A generation ago, part of the TV viewing experience was an unstated compact that in exchange for content, viewers would be subject to a certain amount of advertising. These ads may or may not have been relevant, but viewers nonetheless sat through them – what choice did they have? These days, service providers have moved far beyond merely hoping an ad lobbed at a specific demographic hits its target. Now we have all sorts of info about viewers to make sure they’re seeing the ads we want them to see. But just as we worked that out, the way we watched TV started to change. Yes, now TV is on many devices, but that’s not the only change. Binge-watching of entire seasons long after the show’s original airing, has changed how ads can be integrated into non-linear content. The second-screen phenomenon and the shrinking attention span of the TV viewer have created an environment where a message must hit its mark immediately, with no margin for error. To keep ads fresh, to keep wandering eyes watching ads and to keep content monetized, service providers and advertisers need to find their footing in this new world.
The first time I met Jim Barton (DVR pioneer and TiVo co-founder) I was a young man looking at the hottest company in Silicon Valley in the day: SGI, the place where Michael Jackson and Steven Spielberg just arrived to visit, the same building in Mountain View as it were, that same week in late Spring, 1995.
The second question that Jim asked me that day was if I knew H.263 – a fledgling, new specification promising to make video ubiquitous, affordable over any public or private network – oh, those 90’s seem so far away…
For a hard core database, kernel and compiler hacker, that was a bit too much telco chit-chat for me, though remembering this was supposed to be an interview, and that the person who asks the questions is in control, not knowing the answer, I managed to mumble a question instead of an answer. Jim liked the conversation and obliged me with an explanation equally encrypted, that one day, we will have these really cool, ubiquitous players on all sorts of video devices, not just “geometry engines” running workstations in “Jurassic Park” post-production studios (actually, come to think of it, the scene itself), but over all sorts of networked devices and maybe that should be a great opportunity to dive into and change the world.
Open standards and open source live in an entangled relationship, or so I wrote about it years ago, the Yang of Open Standards, the Ying of Open Source. Never has it been more intertwined and somewhat challenging than with the case of H.264, MPEG4 and the years old saga of so-called “standard” video codecs.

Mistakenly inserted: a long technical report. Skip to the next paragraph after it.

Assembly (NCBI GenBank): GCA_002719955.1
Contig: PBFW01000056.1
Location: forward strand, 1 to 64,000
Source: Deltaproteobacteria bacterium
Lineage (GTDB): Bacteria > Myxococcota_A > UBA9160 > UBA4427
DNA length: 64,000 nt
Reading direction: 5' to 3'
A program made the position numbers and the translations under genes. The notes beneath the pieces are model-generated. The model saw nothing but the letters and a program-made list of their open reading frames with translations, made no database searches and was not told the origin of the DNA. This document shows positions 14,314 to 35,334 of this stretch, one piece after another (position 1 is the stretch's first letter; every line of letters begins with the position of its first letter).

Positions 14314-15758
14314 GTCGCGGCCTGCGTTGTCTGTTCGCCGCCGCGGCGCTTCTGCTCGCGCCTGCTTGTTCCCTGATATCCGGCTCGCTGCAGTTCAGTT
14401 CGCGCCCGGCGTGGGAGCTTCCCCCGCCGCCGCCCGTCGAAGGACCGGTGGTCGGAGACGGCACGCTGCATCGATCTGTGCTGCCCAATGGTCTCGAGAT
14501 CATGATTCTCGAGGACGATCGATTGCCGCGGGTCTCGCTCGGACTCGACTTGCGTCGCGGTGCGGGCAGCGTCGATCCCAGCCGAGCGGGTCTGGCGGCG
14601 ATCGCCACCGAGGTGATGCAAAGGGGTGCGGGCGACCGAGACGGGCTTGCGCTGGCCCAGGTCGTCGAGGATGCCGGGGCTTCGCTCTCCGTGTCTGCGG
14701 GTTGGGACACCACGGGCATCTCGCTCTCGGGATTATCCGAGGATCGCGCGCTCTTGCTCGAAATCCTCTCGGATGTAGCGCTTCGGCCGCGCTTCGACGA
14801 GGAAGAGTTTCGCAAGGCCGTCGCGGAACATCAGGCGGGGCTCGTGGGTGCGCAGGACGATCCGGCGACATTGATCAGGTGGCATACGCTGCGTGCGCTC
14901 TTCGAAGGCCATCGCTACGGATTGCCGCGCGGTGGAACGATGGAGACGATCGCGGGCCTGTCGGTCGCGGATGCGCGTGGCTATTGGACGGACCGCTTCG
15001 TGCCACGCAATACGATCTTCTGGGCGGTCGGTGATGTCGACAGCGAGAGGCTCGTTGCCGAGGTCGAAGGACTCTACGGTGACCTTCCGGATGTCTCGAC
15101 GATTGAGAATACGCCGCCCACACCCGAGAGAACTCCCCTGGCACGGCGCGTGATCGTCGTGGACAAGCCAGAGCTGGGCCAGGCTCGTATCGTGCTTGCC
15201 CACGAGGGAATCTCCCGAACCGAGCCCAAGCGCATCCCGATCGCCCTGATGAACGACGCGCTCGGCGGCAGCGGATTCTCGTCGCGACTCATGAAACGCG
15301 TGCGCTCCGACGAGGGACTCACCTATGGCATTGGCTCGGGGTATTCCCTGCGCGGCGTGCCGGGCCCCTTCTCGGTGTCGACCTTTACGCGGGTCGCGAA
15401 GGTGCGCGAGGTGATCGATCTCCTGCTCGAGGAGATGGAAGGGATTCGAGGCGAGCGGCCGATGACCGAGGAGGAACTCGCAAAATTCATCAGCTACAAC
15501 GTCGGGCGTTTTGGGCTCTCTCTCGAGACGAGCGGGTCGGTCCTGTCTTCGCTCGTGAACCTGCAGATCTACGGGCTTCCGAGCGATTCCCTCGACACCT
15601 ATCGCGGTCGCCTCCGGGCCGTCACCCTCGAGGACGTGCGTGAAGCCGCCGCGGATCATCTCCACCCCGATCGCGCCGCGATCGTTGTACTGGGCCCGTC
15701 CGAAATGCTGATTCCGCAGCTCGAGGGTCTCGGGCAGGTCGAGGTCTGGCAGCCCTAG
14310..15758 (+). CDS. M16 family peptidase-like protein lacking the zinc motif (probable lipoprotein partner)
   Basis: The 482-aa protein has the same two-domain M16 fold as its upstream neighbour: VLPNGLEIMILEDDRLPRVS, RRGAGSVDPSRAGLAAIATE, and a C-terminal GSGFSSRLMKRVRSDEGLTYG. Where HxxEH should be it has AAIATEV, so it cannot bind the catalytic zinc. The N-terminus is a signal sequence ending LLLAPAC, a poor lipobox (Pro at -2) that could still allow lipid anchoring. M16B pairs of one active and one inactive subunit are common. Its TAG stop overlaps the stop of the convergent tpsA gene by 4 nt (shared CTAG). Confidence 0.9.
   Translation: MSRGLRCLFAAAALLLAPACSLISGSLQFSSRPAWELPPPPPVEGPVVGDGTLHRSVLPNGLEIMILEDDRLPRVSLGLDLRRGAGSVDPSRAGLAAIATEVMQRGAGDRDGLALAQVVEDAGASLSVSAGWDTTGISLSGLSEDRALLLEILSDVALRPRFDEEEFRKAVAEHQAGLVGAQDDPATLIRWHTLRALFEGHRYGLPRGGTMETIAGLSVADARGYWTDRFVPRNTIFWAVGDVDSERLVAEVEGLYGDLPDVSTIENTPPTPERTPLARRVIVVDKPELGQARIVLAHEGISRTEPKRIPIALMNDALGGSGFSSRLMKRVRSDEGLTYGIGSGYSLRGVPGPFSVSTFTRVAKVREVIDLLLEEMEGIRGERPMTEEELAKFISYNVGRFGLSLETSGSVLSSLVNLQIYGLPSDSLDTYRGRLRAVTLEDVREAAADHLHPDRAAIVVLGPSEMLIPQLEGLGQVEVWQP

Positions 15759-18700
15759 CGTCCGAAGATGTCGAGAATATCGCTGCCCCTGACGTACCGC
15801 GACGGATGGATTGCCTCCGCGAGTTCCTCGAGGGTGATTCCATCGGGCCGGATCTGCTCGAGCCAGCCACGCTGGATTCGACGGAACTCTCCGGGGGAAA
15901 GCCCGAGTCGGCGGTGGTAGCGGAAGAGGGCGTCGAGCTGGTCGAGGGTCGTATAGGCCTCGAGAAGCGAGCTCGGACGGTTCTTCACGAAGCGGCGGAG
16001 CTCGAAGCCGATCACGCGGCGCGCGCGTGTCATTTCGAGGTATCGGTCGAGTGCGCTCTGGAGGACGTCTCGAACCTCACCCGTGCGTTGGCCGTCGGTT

Almost a generation later, even if H.263 and its eventual successors H.264 and MPEG4 came a long way, we still don’t have a truly standard and open source implementation of such a video codec, though we are hoping to change that now!
My colleagues announced today that we are open sourcing our H.264 codec. We still have a bit of work left to do as we start this new open source project and I am counting on both communities to receive it with “open” arms. It is meant to remove all barriers, to be truly free and open, as open source was meant to be.
Please join us this morning in a twitter chat covering this event. We are convinced no matter how one looks at this, it is a positive move for the industry.
…Cisco! As you can imagine, this super-charged our annual trek to Las Vegas for the International CES show, which serves as host for the fanciest-ever black tie event for tech people. (It even had a tech host – David Pogue, himself an Emmy award winning tech columnist for the New York Times. Cool.)
This year marked the 64th time the National Academy of Television Arts & Sciences’ put on its annual Technology & Engineering Emmy Awards, and on the evening of January 10th, I was glad to be amongst my friends and colleagues to accept two, count’em two, Emmys. Read More »
By David Alsobrook , Director of Business Development, Connected Home Solutions, Cisco Service Provider Video Technology Group
Today, we go to market with AT&T with an industry first: IPTV set-tops equipped with video-optimized Wi-Fi. AT&T calls it the “AT&T U-verse TV Wireless Receiver” — a first-ever way to arrange your TV to go with your life, furniture, and living environment.
Guests for the weekend? Move the TV to the guest room. Wish you could have three TVs to follow this weekend’s games? Go for it. With this no new wires solution, the “plumbing” is no longer an issue.
We Cisco people call it our ISB7005 wireless set-top box and our VEN401 wireless access point. One is a set-top that can be located anywhere in the house; the other is a video-optimized wireless access point. Read More »